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    My favorite potato mashers are the wonderful old Canon 577G (with battery pack of course) or the lighter 533G which does not have and external battery. My Metz collection is only the 60CT-1 with it's wonderful battery pack (which you can still get new dry cells for). If you want lighter with Metz the 45 model has batteries in the handle.........when I go "out" with the battery pack, oh yes, I get looks, then stares, then usually someone comes up and asks if it is an attached hard drive or computer........

    These are good old, solid, world class old school flashes that will not cost you an arm and a leg but are getting harder to find. The big Sunpac would also be wonderful, they too are getting hard to find but not impossible. The big auction site will have the Metz flashes, as I recall, B&H will have the replacement dry cell battery.

    With power like you have never enjoyed before, be prepared to go out and touch somebody a long way out. And yes, I had the 285 and the older 283 with the 3 foot cable......good with an assistant to step to your side, but solo wasn't alot of fun holding and working a MF camera....

    Bob E.
    Nikon F5, Nikon F4S, Nikon FA, Nikon FE, Nikon N90, Nikon N80, Nikon N75, Mamiya 645 Pro, Mamiya Press Super 23, Yashica Lynx 14e, Yashica Electro GSN, Yashica 124G, Yashica D

  9. #9
    markbarendt's Avatar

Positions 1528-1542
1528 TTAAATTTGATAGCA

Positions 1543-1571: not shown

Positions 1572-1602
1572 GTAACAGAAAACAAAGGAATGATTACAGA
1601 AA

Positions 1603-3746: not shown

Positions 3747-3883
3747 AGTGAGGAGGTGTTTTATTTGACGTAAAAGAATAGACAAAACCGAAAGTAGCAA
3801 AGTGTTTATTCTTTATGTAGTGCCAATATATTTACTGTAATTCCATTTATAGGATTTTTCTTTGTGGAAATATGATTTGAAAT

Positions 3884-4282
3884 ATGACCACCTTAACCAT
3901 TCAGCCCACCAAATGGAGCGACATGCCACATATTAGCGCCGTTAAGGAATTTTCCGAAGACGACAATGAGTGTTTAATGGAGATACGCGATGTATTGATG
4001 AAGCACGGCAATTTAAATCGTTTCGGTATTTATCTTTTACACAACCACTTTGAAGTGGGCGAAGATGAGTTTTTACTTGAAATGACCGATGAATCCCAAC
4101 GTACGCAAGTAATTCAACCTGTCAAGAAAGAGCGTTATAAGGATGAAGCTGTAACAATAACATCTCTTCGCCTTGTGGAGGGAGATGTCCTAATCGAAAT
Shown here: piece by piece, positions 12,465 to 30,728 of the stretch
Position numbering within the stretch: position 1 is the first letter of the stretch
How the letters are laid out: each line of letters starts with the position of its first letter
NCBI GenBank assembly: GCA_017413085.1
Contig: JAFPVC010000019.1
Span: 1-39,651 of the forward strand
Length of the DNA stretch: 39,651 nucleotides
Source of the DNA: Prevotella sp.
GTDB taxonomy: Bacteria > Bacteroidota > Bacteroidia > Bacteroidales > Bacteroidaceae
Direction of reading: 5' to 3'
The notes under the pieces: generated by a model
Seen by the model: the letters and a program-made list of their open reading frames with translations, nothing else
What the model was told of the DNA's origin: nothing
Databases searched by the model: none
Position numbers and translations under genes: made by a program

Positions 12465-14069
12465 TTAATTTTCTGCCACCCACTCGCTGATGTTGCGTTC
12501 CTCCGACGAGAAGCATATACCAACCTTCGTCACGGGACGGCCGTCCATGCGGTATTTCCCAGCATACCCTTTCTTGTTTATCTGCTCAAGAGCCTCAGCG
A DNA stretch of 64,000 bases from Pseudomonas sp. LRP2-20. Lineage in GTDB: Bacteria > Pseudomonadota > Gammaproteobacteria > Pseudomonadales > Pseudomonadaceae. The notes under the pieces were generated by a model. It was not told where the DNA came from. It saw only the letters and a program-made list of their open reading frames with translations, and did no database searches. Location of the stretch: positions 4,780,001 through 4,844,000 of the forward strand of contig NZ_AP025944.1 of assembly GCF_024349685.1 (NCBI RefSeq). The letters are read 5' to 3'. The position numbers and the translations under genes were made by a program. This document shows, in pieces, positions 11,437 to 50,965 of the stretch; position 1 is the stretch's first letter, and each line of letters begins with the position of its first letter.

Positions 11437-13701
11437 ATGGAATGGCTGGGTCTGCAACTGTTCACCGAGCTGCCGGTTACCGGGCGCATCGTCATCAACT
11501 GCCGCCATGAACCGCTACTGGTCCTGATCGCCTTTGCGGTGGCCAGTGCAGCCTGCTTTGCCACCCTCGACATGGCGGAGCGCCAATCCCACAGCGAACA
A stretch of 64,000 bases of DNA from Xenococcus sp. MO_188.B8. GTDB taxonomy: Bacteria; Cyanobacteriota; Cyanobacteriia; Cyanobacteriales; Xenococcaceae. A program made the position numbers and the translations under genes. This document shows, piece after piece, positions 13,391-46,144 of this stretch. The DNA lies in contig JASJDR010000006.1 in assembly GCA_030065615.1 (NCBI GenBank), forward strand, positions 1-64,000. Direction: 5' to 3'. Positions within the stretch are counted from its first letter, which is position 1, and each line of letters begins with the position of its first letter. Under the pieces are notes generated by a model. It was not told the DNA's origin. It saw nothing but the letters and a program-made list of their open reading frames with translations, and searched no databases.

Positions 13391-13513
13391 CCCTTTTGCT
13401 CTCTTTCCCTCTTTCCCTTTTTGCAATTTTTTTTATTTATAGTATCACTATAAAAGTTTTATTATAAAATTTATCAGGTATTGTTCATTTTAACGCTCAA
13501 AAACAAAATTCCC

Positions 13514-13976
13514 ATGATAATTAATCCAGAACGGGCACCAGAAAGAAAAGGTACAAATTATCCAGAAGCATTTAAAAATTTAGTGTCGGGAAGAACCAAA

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    Being on the same axis is not by itself a problem. Many studio setups use strobes on the camera axis. There are even shoot through lights likes ring lights or a moon unit.

    Size can be a real issue but if all you want to add is a gentle flick of light on a subjects face just to help reduce the shadows a bit it can work just fine right on the hot shoe. There are lots of ways to increase the size too.

    A great inexpensive camera for this is a Nikon N90s, up from that an F100 or F5.

    A great strobe for these cameras is an SB90dx has the tilt and swivel head too. That's not the only good choice though.

    F/2.8 or faster lens will also help, gives you more choices.
    Mark Barendt, Beaverton, OR

    "We do not see things the way they are. We see things the way we are." AnaÔs Nin

  10. #10
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    Mark Barendt, Beaverton, OR

    "We do not see things the way they are. We see things the way we are." AnaÔs Nin